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International Differences in Mortality at Older Ages: Dimensions and Sources nations as in others. And the levels do not vary simply by region. Sweden and Portugal are similarly low, whereas Germany and Spain are similarly high. English-speaking nations outside Europe have relatively low smoking rates (22 and 20 percent in the United States and Canada, respectively). Gender complicates the picture. According to the Tobacco Atlas, the gap in male prevalence between Sweden (17 percent) and Greece (47 percent) reaches 30 percent; that between Sweden and Germany (37 percent) reaches 20 percent. For women, the gaps are smaller but still substantial. Lower levels of 10 percent in Portugal and 18 percent in Sweden contrast with higher levels of 28 percent in Germany, 28 percent in the Netherlands, and 29 percent in Greece. The United States shows similar prevalence among men (24 percent) and women (19 percent), whereas Japan has a huge gap between men (47 percent) and women (14 percent). Differences in smoking between the United States and European nations generate particular interest. Throughout the 1950s, the United States had higher levels of cigarette consumption than other countries (Forey et al., 2002), perhaps because it was a major source of tobacco leaf, the location of many large tobacco companies, and the source of innovative and misleading advertising about the safety of smoking (Brandt, 2007). In more recent years, however, smoking among Americans has dropped faster than in Europe, particularly among men. Cutler and Glaeser (2006) highlight this change in their paper “Why Do Europeans Smoke More Than Americans?” As discussed below, their answer to the question—differences in beliefs about the harm of smoking—offers one of several explanations for country differences. The addictive attractions of nicotine and widespread access to cigarettes certainly play a role in the persistence across countries. But for insight into the national differences, other factors relating to government policies, social patterns of smoking, beliefs, and the timing of adoption need to be considered. The next sections review explanations of the cross-national patterns of smoking and then examine variation in smoking prevalence among high-income nations. AN EPIDEMIC OR DIFFUSION MODEL OF NATIONAL DIFFERENCES Epidemiologists note that population changes in smoking take a form analogous to an epidemic that spreads from relatively small parts of a population to other parts and then eventually recedes (Lopez, 1995; Lopez, Collishaw, and Piha, 1994; Mackenbach, 2006). More than changes in level, the epidemic involves a diffusion process that changes the socioeconomic composition of the smoking population. In the early stages, smoking emerges first among high-SES groups, who are most open to innovations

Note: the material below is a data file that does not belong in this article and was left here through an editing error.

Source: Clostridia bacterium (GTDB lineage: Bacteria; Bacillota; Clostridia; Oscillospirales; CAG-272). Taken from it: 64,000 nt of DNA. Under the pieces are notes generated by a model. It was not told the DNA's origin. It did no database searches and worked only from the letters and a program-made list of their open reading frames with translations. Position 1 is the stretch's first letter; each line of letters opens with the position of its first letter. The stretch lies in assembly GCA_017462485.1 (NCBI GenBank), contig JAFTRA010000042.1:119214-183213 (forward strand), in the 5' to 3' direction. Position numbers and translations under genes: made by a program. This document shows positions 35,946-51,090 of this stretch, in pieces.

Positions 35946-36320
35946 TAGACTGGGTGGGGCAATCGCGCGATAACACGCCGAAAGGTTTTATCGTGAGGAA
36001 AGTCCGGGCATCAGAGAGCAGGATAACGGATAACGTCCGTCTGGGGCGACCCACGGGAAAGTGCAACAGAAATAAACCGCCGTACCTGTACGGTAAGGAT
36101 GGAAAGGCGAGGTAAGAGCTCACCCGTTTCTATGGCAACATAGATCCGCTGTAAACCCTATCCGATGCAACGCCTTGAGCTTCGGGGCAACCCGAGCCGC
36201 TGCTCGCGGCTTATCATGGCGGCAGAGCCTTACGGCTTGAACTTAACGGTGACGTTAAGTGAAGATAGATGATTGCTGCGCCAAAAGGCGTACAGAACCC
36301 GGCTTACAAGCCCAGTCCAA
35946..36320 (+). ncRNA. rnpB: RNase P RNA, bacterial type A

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International Differences in Mortality at Older Ages: Dimensions and Sources and have the resources to adopt them (Rogers, 2003). During the middle stages, smoking diffuses to the rest of the population but begins to decline among high-SES persons, who become concerned with health, fitness, and the harm of smoking and who separate themselves from other groups by rejecting smoking and other unhealthy lifestyles (Link, 2008). Like smoking decades earlier, the adoption of healthy lifestyles is itself an innovation that emerges after the spread of the epidemic and relates closely to SES (Pampel, 2005). In the later stages of the epidemic, smoking falls among all groups, but disparities widen as the decline occurs faster among high- than among low-SES groups. Gender also plays a role: the diffusion process among women typically lags a few decades behind that among men (Lopez, 1995; U.S. Department of Health and Human Services, 2001, p. 135). Since men adopt cigarettes first, the earliest stage of the epidemic shows a rising gap between men and women. In the middle stage, smoking among men levels off while it rises more quickly among women (particularly young and high-status women), and the gap stops growing. In later stages, smoking declines faster among men than women, and the gap narrows. With women adopting smoking later, educational disparities in smoking tend to emerge less strongly than for men; among older women in particular, high-SES rather than low-SES groups tend to smoke (Pampel, 2001). These status-based processes of change in cigarette smoking should produce diverse experiences and patterns across nations (Giskes et al., 2005; Huisman, Kunst, and Mackenbach, 2005b; Schaap et al., 2008). Nations that began the epidemic earlier and have had more time for smoking to diffuse through the population and recede should have lower smoking than nations that began the epidemic later. Furthermore, nations that began the epidemic earlier should show stronger SES disparities in smoking among men, as the diffusion process has had more time for low-SES groups to adopt smoking and high-SES groups to stop smoking. Because of the female lag in adoption, however, the patterns may be less clear among women. Since smoking begins by adulthood for the vast majority of smokers, attitudes and behaviors at the time of a cohort’s adolescence will shape later patterns of smoking (Preston and Wang, 2006; U.S. Department of Health and Human Services, 2001, p. 453). Older groups that entered adolescence during periods of growing cigarette use decades ago will reflect patterns at earlier stages of diffusion. High-SES groups should show relatively high rates of smoking, and SES disparities should be modest. Among younger age groups that entered adolescence during periods of declining cigarette use and later stages of diffusion, the predictions about levels and SES disparities should be stronger. Lower SES groups should show substantially higher rates of smoking, and SES disparities should be greater. Again, however, because the diffusion process began later and has proceeded less